# Solving Bratu¶

n = 20
x = collect(LinRange(-1., 1, n))
u0 = (1 .+ x)
uhist, normhist = newton(bratu_f, bratu_J, u0, maxits=5);

plot(normhist, marker=:auto, yscale=:log10) plot(x, uhist, marker=:auto) # $$p$$-Laplacian¶

$-(|u_x|^{p-2} u_x)_x = 0$
plaplace_p = 1.5
plaplace_forcing = 0.
function plaplace_f(u)
n = length(u)
h = 2 / (n - 1)
u = copy(u)
f = copy(u)
u[[1, n]] = [0, 1]
f[n] -= 1
for i in 2:n-1
u_xstag = diff(u[i-1:i+1]) / h
kappa_stag = abs.(u_xstag) .^ (plaplace_p - 2)
f[i] = [1/h, -1/h]' *
(kappa_stag .* u_xstag) - plaplace_forcing
end
f
end

plaplace_f (generic function with 1 method)

function plaplace_J(u)
n = length(u)
h = 2 / (n - 1)
u = copy(u)
u[[1, n]] = [0, 1]
rows = [1, n]
cols = [1, n]
vals = [1., 1.] # diagonals entries (float)
for i in 2:n-1
js = i-1:i+1
u_xstag = diff(u[js]) / h
kappa_stag = abs.(u_xstag) .^ (plaplace_p - 2)
fi = [h, -h]' * (kappa_stag .* u_xstag)
fi_ujs = [-kappa_stag/h^2,
sum(kappa_stag)/h^2,
-kappa_stag/h^2]
mask = 1 .< js .< n
end
sparse(rows, cols, vals)
end

plaplace_J (generic function with 1 method)


# Try solving¶

n = 20
x = collect(LinRange(-1., 1, n))
u0 = (1 .+ x)

plaplace_p = 1.2
plaplace_forcing = 1
uhist, normhist = newton(plaplace_f, plaplace_J, u0; maxits=20);
plot(normhist, marker=:auto, yscale=:log10, ylims=(1e-10, 1e3)) plot(x, uhist[1:5:end], marker=:auto, legend=:bottomright) # Using Zygote to differentiate¶

using Zygote

gradient(x -> x^2, 3)

WARNING: using Zygote.jacobian in module Main conflicts with an existing identifier.

(6,)

function plaplace_fpoint(u, h)
u_xstag = diff(u) / h
kappa_stag = abs.(u_xstag) .^ (plaplace_p - 2)
[1/h, -1/h]' * (kappa_stag .* u_xstag)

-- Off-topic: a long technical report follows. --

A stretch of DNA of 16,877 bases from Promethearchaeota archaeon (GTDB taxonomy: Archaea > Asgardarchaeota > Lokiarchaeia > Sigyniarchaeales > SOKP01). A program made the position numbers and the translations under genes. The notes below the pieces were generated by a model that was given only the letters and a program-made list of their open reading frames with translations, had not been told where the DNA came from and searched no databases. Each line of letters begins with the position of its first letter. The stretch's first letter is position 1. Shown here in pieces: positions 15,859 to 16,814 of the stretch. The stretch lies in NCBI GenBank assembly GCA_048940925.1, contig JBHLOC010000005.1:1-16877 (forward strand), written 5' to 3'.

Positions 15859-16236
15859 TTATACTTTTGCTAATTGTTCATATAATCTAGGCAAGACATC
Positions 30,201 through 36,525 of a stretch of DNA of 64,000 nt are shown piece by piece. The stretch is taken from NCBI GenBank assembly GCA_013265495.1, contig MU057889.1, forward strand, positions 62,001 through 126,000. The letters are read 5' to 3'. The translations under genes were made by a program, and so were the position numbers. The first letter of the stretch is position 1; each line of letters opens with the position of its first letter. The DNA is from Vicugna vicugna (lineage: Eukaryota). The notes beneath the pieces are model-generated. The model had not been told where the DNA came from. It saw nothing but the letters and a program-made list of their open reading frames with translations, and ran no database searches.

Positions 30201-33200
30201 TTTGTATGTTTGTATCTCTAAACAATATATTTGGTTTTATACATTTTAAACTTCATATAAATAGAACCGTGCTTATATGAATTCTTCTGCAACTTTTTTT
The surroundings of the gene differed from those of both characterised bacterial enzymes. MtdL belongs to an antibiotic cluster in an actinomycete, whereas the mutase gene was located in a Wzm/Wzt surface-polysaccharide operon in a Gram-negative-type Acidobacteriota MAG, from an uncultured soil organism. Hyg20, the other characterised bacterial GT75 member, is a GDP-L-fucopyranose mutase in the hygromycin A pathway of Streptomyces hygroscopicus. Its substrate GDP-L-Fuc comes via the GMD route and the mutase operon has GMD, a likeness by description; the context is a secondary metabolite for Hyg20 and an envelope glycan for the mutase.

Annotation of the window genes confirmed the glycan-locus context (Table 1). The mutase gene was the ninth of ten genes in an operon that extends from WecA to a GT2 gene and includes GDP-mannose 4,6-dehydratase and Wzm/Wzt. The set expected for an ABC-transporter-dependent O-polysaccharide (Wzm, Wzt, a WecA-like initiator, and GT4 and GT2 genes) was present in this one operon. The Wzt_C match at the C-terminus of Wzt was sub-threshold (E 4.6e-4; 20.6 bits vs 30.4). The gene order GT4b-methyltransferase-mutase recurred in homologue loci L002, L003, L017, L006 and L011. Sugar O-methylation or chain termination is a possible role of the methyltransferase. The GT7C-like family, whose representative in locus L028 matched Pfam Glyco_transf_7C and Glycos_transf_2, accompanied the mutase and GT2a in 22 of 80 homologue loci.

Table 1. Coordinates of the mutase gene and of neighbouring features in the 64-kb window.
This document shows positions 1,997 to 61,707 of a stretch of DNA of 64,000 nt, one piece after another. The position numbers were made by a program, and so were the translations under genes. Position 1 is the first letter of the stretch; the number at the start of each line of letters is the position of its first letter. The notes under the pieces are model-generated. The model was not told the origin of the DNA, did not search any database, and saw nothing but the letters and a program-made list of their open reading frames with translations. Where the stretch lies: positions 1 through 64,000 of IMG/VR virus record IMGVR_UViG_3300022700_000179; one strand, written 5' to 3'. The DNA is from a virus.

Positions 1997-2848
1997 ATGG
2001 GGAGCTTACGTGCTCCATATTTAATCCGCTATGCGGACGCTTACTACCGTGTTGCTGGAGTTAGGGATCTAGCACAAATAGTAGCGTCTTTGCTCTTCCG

end

gradient(u -> plaplace_fpoint(u, .1), [0., .7, 1.])

([-54.208873072038486, 118.42819801285694, -64.21932494081845],)


# p-Laplacian with Zygote¶

function plaplace_fzygote(u)
n = length(u)
h = 2 / (n - 1)
u = copy(u)
f = copy(u)
u[[1, n]] = [0, 1]
f[n] -= 1
for i in 2:n-1
f[i] = plaplace_fpoint(u[i-1:i+1], h) - plaplace_forcing
end
f
end

plaplace_fzygote (generic function with 1 method)

function plaplace_Jzygote(u)
n = length(u)
h = 2 / (n - 1)
u = copy(u)
u[[1, n]] = [0, 1]
rows = [1, n]
cols = [1, n]
vals = [1., 1.] # diagonals entries (float)
for i in 2:n-1
js = i-1:i+1
fi_ujs = gradient(ujs -> plaplace_fpoint(ujs, h), u[js])
mask = 1 .< js .< n
end
sparse(rows, cols, vals)
end

plaplace_Jzygote (generic function with 1 method)


# Test it out¶

plaplace_p = 1.8
plaplace_forcing = .1
uhist, normhist = newton(plaplace_fzygote, plaplace_Jzygote, u0; maxits=20);
plot(normhist, marker=:auto, yscale=:log10) plot(x, uhist, marker=:auto, legend=:topleft) • Can you fix the plaplace_J to differentiate correctly (analytically)?

• What is causing Newton to diverge?

• How might we fix or work around it?

# A model problem¶

k = 1.1
fk(x) = tanh.(k*x)